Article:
Dear TV Executives:
The television season is revving up and all over Hollywood you number-crunching executives – along with hungry writers and nervous actors – anxiously await to hear if your entertainment offerings will be the next Grey’s Anatomy or the next Second Chance. With hundreds of cable channels, YouTube and behemoth streaming services like Netflix and Amazon, the competition for audiences is fiercer than ever. TV is getting racier, steamier, scarier – all in an attempt to capture the viewer and demand their undying allegiance through an entire season…or at least 8 hours binging on the couch.
I know you probably don’t need any advice from a 40-something, bedraggled, wine-soaked housewife, but my youngest is home with constipation today and I’ve talked about nothing but poop all day. I’m in need of a distraction and this is your lucky day because I’m going to give you some quick tips on how to keep great ratings, great stories and not turn away half of your audience by offending them. You can thank me later.
1. Let the Muslim Dude be the terrorist.
I love a great mystery. I love piecing together clues alongside the protagonist and figuring out whodunnit after an entire episode of red herrings and misdirects. However, I’ve noticed a trend in writing lately in which any plot that involves terrorism goes to great pains to avoid making the Muslim character the culprit. Now don’t get me wrong – I don’t really care about the politics of it all. Yes, most terrorism in the modern world is perpetrated by Muslims but to use a cliche, not ALL Muslims are terrorists. I don’t want you to become Islamophobes. I frankly don’t care about the politics of it all. My problem is that if I’m watching a mystery, if there is a Muslim character in the show I can be almost certain he will not be villain/terrorist. Conversely, the villain/terrorist is almost ALWAYS the uptight, right-wing nut-job, evangelical Christian who quotes the King James Bible with a ridiculous southern accent. THE CRAAAAZY CHRISTIAN! The worst part is that there’s no mystery. I know who did it from the opening credits. It’s never going to be the Muslim. Anyone quoting a Bible verse or holding a Bible will almost surely be the bad guy, or at least will get some type of humiliating comeuppance at some point. It’s BORING. Shake it up a little; surprise us. Just once let it actually be the Muslim dude, for no other reason than we won’t expect it.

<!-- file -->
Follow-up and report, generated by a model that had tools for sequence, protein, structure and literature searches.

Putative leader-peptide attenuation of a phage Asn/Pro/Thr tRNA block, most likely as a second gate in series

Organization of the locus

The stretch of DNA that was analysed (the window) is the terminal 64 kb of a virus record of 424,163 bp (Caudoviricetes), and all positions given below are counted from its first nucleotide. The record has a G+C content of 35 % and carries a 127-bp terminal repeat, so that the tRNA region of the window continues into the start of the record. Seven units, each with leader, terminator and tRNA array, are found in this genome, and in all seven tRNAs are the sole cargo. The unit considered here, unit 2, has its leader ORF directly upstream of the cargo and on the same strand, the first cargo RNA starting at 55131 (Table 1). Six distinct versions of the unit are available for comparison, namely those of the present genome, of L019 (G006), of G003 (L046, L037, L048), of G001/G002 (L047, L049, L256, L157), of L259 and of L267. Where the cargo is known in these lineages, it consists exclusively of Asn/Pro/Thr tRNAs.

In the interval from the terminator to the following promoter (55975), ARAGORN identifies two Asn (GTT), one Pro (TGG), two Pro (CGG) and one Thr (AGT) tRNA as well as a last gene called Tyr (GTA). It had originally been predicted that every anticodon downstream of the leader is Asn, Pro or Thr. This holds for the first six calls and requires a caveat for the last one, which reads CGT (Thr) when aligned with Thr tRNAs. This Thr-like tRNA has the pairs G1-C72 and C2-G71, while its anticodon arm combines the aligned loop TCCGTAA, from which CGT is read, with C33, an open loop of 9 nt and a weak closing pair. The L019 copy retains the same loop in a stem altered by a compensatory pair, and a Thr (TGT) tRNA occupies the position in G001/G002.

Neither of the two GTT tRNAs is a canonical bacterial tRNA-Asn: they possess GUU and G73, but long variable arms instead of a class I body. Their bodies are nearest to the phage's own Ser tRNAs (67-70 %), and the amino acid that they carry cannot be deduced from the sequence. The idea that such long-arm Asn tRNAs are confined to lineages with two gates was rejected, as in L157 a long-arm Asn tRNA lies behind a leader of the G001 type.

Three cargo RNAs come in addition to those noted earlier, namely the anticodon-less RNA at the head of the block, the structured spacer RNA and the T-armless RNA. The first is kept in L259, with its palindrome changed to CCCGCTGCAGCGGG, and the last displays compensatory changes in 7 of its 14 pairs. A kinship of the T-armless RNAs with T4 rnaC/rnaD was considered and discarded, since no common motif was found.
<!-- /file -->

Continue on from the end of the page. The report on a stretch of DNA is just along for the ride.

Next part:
2. Don’t make every power-hungry politician a Republican.
The same problem from my first example applies here as well. In TV land we the audience are frequently asked to assume that a good politician is a Democrat and a bad politician is a Republican. There are is no mystery left. If there’s a Republican character, I know he/she is either the antagonist or hiding something scandalous, and like the CRAZY CHRISTIAN they will get their comeuppance. The Democrat character, on the other hand, will always be idealistic, generous, open-minded, kind and well-liked. A real liberal hero. Like Strom Thurmond. Once again, it’s boring. That’s what is so fascinating about House of Cards. By making Frank Underwood a Democrat, the writers have removed the comfort of any stereotypes the viewer may have. We are all forced to interact with the Underwoods as simply bad people – not just the typical bad Republicans. By shifting their politics, the writers have also managed to shift the way the audience relates to the Underwoods. We can’t just blame their behavior on them being “dirty, old Republicans!” – they are all of us in some small way. That’s always the best kind of story.